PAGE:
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The European Union (EU) has issued revised guidelines to member states that allows companies to continue buying Russian gas without breaching EU sanctions, reported Bloomberg News, citing a spokesperson.

The companies will be allowed to purchase Russian gas in accordance with EU sanctions, which have been imposed on Moscow in the wake of its military action against Ukraine.

Earlier this month, EU Commission president Ursula von der Leyen announced a total embargo on oil imports from Russia within the EU.

The proposed embargo would block Russian crude oil imports within six months, whereas the imports of refined product would be stopped before the end of 2022.

As per the updated recommendations, the European companies are obligated to make ‘clear statement of their obligations fulfilled’ upon making their gas payments in either euros or dollars.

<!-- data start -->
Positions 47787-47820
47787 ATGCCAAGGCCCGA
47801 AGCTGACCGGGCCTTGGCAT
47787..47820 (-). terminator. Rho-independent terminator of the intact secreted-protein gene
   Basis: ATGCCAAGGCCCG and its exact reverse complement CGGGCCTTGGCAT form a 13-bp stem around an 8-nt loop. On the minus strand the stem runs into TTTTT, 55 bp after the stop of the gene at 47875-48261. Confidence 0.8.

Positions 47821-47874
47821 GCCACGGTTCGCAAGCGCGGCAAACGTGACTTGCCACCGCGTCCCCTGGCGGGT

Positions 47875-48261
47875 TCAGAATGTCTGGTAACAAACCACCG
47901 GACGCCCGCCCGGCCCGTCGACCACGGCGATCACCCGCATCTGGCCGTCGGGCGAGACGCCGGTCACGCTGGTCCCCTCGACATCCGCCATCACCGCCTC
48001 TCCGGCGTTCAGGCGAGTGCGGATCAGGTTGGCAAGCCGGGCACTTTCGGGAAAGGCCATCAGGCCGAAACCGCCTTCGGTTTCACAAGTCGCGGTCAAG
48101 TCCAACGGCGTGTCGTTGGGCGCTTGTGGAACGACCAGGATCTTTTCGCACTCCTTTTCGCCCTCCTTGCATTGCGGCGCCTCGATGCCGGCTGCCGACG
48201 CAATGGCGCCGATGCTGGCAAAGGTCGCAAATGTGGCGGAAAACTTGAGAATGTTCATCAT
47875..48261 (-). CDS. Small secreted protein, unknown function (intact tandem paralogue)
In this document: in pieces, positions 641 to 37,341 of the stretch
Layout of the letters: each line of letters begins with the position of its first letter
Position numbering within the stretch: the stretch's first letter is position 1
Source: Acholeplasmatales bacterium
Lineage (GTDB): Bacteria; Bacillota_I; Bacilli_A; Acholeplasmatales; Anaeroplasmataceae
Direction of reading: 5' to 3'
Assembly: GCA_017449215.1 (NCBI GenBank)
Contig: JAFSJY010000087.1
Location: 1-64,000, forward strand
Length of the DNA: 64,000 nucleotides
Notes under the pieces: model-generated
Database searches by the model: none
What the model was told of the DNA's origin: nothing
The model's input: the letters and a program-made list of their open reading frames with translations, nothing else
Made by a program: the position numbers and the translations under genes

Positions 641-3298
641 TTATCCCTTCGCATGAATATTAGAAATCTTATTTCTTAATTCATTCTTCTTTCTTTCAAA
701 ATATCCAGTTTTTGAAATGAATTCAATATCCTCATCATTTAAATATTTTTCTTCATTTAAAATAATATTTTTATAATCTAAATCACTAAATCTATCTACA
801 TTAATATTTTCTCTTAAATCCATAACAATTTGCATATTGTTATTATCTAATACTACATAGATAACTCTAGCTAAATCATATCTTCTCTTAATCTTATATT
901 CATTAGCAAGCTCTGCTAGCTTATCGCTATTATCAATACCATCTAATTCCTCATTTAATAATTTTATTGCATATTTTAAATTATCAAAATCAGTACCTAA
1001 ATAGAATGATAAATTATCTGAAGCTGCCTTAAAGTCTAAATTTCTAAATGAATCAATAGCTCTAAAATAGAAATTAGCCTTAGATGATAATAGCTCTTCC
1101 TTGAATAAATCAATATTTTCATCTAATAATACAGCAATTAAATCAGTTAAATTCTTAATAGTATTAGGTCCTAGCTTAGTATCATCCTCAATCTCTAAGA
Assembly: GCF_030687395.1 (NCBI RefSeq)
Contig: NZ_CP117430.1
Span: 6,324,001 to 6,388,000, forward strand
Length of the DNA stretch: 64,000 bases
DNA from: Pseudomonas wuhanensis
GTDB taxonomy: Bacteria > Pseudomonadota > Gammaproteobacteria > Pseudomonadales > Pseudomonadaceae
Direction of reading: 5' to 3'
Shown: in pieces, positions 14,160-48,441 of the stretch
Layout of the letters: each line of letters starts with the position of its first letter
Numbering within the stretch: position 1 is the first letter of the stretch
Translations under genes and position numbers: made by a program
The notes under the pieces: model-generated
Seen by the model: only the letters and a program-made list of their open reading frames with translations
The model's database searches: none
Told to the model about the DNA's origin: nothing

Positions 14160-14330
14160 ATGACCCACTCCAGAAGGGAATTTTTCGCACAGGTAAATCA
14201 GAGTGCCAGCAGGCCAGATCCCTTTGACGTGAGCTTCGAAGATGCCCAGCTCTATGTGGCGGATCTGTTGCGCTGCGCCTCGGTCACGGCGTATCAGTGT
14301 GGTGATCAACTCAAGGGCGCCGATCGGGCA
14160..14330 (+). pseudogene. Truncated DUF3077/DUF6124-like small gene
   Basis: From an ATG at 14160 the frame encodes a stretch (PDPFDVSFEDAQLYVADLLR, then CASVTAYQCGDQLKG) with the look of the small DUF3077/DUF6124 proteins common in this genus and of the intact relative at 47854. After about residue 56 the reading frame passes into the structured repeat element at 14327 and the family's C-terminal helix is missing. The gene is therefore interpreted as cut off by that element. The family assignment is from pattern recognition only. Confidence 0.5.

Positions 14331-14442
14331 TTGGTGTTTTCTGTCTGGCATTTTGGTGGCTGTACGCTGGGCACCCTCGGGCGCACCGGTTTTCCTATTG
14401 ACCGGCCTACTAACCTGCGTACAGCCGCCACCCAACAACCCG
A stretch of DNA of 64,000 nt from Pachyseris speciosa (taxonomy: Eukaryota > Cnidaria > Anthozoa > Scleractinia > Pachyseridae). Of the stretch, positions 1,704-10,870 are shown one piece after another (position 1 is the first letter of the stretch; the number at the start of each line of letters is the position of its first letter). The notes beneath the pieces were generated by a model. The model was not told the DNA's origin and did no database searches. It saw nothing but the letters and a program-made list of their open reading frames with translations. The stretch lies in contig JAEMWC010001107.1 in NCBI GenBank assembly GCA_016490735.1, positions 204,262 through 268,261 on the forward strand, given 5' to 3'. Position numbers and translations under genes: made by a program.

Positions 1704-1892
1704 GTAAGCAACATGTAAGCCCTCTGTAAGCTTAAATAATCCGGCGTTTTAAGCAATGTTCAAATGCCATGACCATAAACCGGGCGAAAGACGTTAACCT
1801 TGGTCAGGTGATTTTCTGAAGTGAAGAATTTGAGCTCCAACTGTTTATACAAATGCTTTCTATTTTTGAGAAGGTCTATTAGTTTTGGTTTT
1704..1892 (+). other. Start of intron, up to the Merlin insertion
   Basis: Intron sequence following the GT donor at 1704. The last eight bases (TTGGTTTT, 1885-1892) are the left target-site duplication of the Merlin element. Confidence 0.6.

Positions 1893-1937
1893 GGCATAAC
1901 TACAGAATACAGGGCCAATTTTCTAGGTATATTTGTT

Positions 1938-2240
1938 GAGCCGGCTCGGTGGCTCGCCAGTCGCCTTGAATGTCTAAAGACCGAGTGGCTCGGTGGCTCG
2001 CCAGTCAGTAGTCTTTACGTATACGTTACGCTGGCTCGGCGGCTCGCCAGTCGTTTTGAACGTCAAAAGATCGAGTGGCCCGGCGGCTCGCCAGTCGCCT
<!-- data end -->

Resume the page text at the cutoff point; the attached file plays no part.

Th commission said the EU sanctions “do not prevent economic operators from opening a bank account in a designated bank for payments due under contracts for the supply of natural gas in a gaseous state, in the currency specified in those contracts.

“Operators should make a clear statement that they intend to fulfil their obligations under existing contracts and consider their contractual obligations regarding the payment already fulfilled by paying in euros or dollars, in line with the existing contracts.”

The EU’s revised guidelines does not stop European companies from opening an account with Russian bank Gazprombank.

The guidance does stop the firms from making gas payments in rubles.

Amid the Russian-Ukraine conflict, Israel is planning to increase its offshore natural gas production capacity and sign a supply deal with European countries in the coming months, as Europe looks for alternate supplies to Russian energy, reported Reuters.

In the next few years, Israel aims to double its gas production from approximately 20 billion cubic metres (bcm) to nearly 40bcm, reported the news agency, citing industry officials.

Israel currently supplies its own market and, through a local network of pipelines, it exports to neighbouring countries such as Egypt and Jordan while much of the additional gas is earmarked for Europe.